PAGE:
Seeking Financial Peace


Here are five rules to follow if you’re going to be successful and disciplined in running your marathon to wealth building and finding financial peace:

1) Pace Yourself
Wealth building is a marathon, not a sprint. If you’re running a 5K, a 10K even, you can push your pace. With a marathon, you need to be conservative and hold back for (quite literally) the long run. If you go too fast in the beginning, you’ll totally burn out before you’re even halfway done.
The same is true for finding financial peace. You need to live in the moment, but plan for the future. Be conservative, live below your means, and you’ll cross that metaphorical finish line. And whatever you do, don’t incur too much debt and make getting out of debt your top priority. Spending what you don’t have is like running faster than your goal pace on mile 1 of 26.2. It’s totally counter-productive and just like running, if you run out of resources, you’ll burn out and not have enough money to live a good life in the future.

2) Find a Partner
If you’re training for a marathon or if you’re trying to transform your financial life, you need some accountability. Whether it’s a coach or a training partner, you need someone to keep you on track. Both of these are really tough! It’s easy to fall off the wagon.
Having Craig and I on the same page with our financial goals has made this journey so much easier. When I feel weak, he encourages me to stay strong and stay focused and vice versa. Also, knowing that our kids are watching how we spend our money and what we are sacrificing to keep our financial goals has really helped us stay the course.

3) Love It
This isn’t easy stuff! You’re not going to be able to get through the long training runs, the challenges of budgeting, or the discipline of not spending if you don’t have a great attitude. Although there may be moments you feel like quitting, you need to keep in mind why you’re in the race. When it comes to money, my love of money isn’t really about the dolla’ bills themselves, but rather the wonderful things they make possible. I keep my eyes on the prize: living like no one else so that I can later live AND GIVE like no one else!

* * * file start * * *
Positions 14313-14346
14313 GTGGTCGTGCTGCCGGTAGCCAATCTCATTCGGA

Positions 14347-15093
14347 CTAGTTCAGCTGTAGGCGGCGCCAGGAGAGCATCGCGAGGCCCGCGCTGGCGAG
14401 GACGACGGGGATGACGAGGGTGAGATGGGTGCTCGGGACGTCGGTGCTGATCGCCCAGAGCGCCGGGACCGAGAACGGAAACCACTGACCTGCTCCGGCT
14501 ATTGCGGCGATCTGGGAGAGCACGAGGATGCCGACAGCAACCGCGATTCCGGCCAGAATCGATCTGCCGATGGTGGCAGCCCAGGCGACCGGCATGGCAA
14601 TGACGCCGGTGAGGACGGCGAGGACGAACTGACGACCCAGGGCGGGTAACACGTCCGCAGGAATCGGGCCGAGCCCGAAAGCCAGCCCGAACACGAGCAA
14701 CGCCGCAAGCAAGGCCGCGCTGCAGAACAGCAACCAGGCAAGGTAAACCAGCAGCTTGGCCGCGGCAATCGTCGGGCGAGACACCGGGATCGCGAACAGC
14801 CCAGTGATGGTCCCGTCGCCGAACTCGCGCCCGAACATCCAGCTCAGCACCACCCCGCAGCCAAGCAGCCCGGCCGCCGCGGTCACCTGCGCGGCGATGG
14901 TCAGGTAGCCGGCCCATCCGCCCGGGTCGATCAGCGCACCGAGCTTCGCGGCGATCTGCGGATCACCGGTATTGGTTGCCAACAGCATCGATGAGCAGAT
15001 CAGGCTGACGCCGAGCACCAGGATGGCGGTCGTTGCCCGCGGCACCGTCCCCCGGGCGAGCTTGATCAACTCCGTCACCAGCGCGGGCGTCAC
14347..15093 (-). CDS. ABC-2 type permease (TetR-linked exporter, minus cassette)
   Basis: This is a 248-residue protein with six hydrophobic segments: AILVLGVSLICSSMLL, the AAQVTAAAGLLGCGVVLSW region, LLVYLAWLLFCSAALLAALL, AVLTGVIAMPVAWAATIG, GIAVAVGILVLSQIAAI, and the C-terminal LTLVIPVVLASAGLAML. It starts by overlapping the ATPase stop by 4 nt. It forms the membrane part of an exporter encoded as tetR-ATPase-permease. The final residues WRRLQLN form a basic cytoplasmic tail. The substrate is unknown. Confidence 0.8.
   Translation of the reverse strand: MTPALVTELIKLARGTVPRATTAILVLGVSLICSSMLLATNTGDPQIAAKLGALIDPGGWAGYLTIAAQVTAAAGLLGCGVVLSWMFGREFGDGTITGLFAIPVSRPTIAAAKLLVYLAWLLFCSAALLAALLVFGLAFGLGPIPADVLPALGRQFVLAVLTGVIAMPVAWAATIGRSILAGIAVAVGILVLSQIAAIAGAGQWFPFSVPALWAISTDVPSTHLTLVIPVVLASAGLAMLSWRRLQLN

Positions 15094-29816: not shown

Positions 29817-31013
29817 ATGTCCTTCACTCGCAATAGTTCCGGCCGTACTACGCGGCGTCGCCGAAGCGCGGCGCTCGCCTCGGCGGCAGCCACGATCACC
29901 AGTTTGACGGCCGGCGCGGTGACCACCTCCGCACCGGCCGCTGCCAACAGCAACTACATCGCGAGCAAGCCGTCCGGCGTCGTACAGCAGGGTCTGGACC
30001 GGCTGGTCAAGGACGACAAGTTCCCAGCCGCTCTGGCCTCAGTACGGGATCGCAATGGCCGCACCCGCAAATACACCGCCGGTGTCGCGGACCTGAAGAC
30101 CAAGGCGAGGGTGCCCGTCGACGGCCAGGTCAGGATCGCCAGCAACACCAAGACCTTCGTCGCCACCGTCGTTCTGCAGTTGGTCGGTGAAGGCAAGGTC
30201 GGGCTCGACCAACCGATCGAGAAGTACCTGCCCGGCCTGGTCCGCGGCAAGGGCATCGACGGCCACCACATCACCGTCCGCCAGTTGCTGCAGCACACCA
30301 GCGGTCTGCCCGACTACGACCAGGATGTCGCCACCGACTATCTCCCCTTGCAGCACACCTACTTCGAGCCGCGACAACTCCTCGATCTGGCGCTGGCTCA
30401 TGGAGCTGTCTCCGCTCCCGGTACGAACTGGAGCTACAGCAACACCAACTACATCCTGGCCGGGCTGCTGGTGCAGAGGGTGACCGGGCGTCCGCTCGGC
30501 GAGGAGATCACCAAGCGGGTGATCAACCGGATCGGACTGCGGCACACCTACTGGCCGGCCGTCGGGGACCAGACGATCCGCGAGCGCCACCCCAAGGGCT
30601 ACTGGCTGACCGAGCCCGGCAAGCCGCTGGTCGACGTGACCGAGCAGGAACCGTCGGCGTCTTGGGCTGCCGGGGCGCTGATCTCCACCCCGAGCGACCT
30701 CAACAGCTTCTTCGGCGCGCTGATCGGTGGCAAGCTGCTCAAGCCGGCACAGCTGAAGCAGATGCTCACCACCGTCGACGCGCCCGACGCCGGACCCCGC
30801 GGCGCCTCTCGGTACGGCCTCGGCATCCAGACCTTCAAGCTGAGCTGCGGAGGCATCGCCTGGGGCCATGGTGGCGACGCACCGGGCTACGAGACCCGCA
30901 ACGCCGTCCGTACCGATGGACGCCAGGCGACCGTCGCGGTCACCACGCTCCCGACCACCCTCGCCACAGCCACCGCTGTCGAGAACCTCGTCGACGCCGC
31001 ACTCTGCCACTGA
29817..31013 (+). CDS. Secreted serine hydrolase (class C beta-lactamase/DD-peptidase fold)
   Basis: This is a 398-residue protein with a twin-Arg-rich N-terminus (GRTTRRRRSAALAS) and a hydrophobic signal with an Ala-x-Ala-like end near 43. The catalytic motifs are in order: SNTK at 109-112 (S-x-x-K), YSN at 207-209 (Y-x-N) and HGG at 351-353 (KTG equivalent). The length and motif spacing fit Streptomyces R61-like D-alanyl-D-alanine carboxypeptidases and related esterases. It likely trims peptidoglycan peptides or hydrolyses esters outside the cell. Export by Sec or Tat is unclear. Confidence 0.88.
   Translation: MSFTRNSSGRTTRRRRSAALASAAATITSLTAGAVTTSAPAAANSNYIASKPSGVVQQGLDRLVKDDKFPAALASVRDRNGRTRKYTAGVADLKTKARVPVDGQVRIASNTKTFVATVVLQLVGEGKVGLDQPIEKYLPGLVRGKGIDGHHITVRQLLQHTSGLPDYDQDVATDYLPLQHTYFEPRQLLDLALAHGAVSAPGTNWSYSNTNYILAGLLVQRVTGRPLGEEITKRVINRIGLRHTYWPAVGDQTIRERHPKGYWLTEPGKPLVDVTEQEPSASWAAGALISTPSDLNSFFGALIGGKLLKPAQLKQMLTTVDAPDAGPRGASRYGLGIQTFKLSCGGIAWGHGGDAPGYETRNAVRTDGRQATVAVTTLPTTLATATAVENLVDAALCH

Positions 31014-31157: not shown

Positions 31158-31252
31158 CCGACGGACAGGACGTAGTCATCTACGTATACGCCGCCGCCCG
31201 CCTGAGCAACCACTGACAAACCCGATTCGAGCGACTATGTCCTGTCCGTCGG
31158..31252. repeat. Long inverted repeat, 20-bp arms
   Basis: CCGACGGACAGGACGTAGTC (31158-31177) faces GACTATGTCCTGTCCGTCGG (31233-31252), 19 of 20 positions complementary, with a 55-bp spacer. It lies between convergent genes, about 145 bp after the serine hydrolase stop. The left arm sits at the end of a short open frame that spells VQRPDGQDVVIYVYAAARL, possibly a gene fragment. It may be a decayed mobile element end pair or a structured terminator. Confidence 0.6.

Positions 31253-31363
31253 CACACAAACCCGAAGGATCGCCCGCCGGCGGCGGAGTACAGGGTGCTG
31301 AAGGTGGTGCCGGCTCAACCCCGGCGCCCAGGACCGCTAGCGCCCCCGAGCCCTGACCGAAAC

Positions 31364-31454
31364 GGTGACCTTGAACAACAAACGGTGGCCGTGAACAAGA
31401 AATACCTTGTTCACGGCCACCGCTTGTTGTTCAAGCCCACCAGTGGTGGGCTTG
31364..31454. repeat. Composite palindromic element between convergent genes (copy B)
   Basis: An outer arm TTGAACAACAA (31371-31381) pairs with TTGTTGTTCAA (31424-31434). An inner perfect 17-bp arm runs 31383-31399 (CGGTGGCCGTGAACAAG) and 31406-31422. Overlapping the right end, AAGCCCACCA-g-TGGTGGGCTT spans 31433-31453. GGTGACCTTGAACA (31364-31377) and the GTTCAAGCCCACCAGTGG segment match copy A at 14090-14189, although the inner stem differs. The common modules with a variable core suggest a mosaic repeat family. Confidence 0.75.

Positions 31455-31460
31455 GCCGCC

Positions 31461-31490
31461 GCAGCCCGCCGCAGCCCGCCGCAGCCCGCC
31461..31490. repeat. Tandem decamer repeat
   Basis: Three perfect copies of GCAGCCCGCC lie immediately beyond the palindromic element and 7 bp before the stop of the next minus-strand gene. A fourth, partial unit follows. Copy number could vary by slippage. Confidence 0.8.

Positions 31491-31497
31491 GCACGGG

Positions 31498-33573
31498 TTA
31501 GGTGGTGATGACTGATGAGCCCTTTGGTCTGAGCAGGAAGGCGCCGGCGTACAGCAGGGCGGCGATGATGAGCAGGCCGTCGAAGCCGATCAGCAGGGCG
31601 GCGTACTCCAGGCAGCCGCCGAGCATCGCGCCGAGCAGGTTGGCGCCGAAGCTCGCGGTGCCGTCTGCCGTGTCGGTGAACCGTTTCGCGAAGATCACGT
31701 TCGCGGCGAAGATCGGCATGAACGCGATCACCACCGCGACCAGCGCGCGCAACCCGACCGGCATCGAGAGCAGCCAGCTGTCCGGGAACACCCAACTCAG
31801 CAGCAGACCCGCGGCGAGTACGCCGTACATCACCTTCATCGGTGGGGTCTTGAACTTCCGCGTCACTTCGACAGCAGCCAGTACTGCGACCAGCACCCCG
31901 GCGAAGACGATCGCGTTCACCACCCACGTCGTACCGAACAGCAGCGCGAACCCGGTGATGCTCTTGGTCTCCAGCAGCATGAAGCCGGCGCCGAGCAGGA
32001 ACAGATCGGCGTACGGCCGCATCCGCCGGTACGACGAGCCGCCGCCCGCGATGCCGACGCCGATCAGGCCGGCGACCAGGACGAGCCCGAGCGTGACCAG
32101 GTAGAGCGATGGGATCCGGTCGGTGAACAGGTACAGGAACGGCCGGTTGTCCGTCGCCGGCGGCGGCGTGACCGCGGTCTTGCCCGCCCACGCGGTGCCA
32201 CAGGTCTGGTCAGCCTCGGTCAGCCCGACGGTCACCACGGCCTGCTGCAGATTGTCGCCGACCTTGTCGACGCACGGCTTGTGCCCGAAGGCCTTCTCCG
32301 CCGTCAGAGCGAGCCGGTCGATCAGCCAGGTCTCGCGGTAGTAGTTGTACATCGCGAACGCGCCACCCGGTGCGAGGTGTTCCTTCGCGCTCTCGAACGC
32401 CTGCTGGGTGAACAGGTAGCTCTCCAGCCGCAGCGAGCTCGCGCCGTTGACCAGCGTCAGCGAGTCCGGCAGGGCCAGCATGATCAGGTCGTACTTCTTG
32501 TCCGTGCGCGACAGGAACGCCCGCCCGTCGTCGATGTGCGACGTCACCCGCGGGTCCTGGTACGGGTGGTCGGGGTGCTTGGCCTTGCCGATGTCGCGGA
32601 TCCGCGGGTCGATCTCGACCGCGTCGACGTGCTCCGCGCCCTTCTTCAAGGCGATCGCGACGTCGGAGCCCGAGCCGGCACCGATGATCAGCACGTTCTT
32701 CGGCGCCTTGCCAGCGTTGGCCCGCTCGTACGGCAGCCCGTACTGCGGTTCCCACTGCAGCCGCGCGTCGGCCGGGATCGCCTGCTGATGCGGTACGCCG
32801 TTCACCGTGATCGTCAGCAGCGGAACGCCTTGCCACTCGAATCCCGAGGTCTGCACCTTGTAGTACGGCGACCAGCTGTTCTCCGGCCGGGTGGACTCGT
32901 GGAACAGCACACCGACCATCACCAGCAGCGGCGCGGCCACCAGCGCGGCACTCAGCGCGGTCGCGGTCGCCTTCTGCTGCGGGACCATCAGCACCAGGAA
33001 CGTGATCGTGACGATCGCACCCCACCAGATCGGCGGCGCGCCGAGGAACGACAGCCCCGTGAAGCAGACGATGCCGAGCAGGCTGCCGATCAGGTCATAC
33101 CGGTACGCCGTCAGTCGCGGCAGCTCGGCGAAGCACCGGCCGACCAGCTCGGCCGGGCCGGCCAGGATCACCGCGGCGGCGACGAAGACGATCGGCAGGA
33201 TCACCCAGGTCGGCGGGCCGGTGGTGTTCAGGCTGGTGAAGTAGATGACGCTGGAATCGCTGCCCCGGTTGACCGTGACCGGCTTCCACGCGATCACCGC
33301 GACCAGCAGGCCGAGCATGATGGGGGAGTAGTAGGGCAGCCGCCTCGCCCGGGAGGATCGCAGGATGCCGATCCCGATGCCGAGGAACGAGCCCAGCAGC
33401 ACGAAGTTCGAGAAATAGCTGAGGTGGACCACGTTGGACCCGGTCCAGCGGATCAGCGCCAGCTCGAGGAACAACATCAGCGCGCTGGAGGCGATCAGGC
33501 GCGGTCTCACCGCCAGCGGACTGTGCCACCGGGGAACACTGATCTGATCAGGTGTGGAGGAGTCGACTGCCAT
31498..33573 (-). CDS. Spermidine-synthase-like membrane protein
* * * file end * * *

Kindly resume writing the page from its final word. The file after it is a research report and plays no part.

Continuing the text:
4) Get Committed
If you’re going to achieve financial freedom or if you’re going to run a marathon, you have to be committed. This means no matter what, without compromise, you’ll accomplish your goal. Because both are difficult, you’re likely to give up if you don’t start out with a commitment firmly in place.

5) Be Disciplined
You can’t slack off when you’re training for a marathon. You need to watch what you eat, stay consistent with your daily workouts, drink enough water, and so much more.

The same is true of transforming your relationship with money. You need to follow healthy financial habits: set financial goals, create a budget, increase your income, reduce your debt. You have to be disciplined and stay consistent.

Everyone needs to start somewhere. A house is built one brick at a time. A child learns to read by first learning the alphabet. A person seeking to lose weight does so pound by pound, healthy choice by healthy choice.

Why would the road to wealth be any different?
Working towards your Financial Peace is no different and it is something to be celebrated every step of the way.

Having Financial Peace is about creating habits that will dramatically reshape your financial future.

I suggest that you make one little, tiny change in your everyday circumstances that would have a huge long-term effect on getting to where you want to be in the future. What might that look like for you today? Let’s discuss it in the comments below…